Russia to give icon that sparked controversy back to Bosnia
Russian Foreign Minister Sergey Lavrov, left, listens Bosnian Serb official Milorad Dodik, who is the member of Bosnia's multi-ethnic presidency during a press conference after their talks in the capital Sarajevo, Bosnia, Monday, Dec. 14, 2020. Lavrov is on a two-day visit to Bosnia. (AP Photo/Kemal Softic)MOSCOW – Russia said Saturday it will return an Orthodox icon presented to the Russian foreign minister in Bosnia, a gift that has triggered a protest from Ukraine. The presiding Serb member of Bosnia’s three-member presidency, Milorad Dodik, gave the icon to Russia's Foreign Minister Sergey Lavrov when he visited Sarajevo earlier this week. On Saturday, Russia's Foreign Ministry said the icon would be returned to Bosnia pending an Interpol probe to clarify its origins.
Slovenian premier endorses Trump's reelection, joins others
LJUBLJANA – Slovenian Prime Minister Janez Jansa endorsed U.S. President Donald Trump’s reelection on Friday, saying Joe Biden would be a weak leader. With a tweet, Jansa added his name to a list of regional leaders who have openly supported Trump during the election campaign. Go, win, Donald Trump,” Jansa said. Also Friday, the Serb member of Bosnia's three-member presidency, Milorad Dodik, urged Serbs living in the U.S. to vote for Trump. Right-wing conservatives in Eastern and Central Europe, like Orban, Vucic and Jansa, have sometimes copied Trump’s style of leadership.
Bosnian Serbs honor late ex-official convicted of war crimes
SARAJEVO – SARAJEVO, Bosnia-Bosnian Serb authorities on Wednesday held an official commemoration for a top former wartime leader, despite his war crimes conviction by a U.N. court. The gathering illustrates the continued Bosnian Serb denial of their wartime leaders’ role in the atrocities committed against non-Serbs during the 1992-95 war in Bosnia. A leading Bosnian Serb official, Milorad Dodik, who is the member of Bosnia's multi-ethnic presidency, praised Krajsnik's “historic role” in establishing the Serb entity in Bosnia, according to Bosnian Serb broadcaster RTRS. He was a close aide to Bosnian Serb leader Radovan Karadzic, who was convicted of genocide by the Hague tribunal. Bosnian Serb forces took control of large swaths of Bosnian territory, expelling Bosniaks, who are mostly Muslims, and Croats from their homes and brutally killing thousands.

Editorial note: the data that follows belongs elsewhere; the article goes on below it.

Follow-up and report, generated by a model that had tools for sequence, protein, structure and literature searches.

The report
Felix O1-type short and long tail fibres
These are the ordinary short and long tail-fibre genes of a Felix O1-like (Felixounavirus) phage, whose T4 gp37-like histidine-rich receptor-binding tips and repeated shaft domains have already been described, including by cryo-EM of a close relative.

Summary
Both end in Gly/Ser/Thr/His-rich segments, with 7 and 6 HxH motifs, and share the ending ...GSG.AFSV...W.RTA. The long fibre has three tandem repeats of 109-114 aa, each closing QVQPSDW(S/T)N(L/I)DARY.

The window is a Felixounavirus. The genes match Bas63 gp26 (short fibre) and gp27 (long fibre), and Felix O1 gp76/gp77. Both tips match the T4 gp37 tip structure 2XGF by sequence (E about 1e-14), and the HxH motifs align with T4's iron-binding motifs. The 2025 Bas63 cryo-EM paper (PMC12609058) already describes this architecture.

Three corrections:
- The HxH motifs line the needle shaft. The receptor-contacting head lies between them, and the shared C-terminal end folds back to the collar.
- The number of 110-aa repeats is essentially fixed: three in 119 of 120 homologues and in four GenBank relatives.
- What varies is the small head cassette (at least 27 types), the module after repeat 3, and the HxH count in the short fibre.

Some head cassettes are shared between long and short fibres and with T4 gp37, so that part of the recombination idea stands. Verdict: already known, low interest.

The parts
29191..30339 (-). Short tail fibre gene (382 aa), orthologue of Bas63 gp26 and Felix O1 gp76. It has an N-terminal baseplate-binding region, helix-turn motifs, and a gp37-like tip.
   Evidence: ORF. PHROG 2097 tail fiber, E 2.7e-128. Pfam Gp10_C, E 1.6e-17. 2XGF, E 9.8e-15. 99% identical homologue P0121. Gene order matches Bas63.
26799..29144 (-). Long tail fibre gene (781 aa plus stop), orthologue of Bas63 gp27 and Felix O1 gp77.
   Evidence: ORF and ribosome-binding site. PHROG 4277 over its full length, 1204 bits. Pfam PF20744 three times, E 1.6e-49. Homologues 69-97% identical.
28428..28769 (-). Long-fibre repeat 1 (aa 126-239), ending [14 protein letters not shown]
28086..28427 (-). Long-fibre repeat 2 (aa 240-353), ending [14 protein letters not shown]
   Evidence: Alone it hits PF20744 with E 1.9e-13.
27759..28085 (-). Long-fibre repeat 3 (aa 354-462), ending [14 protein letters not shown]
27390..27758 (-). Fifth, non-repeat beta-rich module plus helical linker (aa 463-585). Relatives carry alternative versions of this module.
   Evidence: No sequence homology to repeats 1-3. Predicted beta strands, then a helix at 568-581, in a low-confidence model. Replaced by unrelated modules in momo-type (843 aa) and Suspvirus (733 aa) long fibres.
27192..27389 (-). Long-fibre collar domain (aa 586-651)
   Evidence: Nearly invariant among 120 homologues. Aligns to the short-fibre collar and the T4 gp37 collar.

Migrants at center of political tug-of-war in divided Bosnia
In this grab taken from video migrants who were directed off a railroad by police blocking the path gather, in Bosanska Otoka, Bosnia, Monday, Aug. 24, 2020. Bosnias quarreling ethnic leaders have put migrants amassed in the country while seeking entry to Europe at the center of a a political tug-of-war. Krajina authorities began enforcing their decision to ban all new migrants arrivals in the last three days. Migrants mostly enter Bosnia across the Drina River, on its eastern border with Serbia. Local authorities in Krajina have long accused Bosnia's central government of subjecting the migration crisis to political infighting and failing to provide them with any practical help.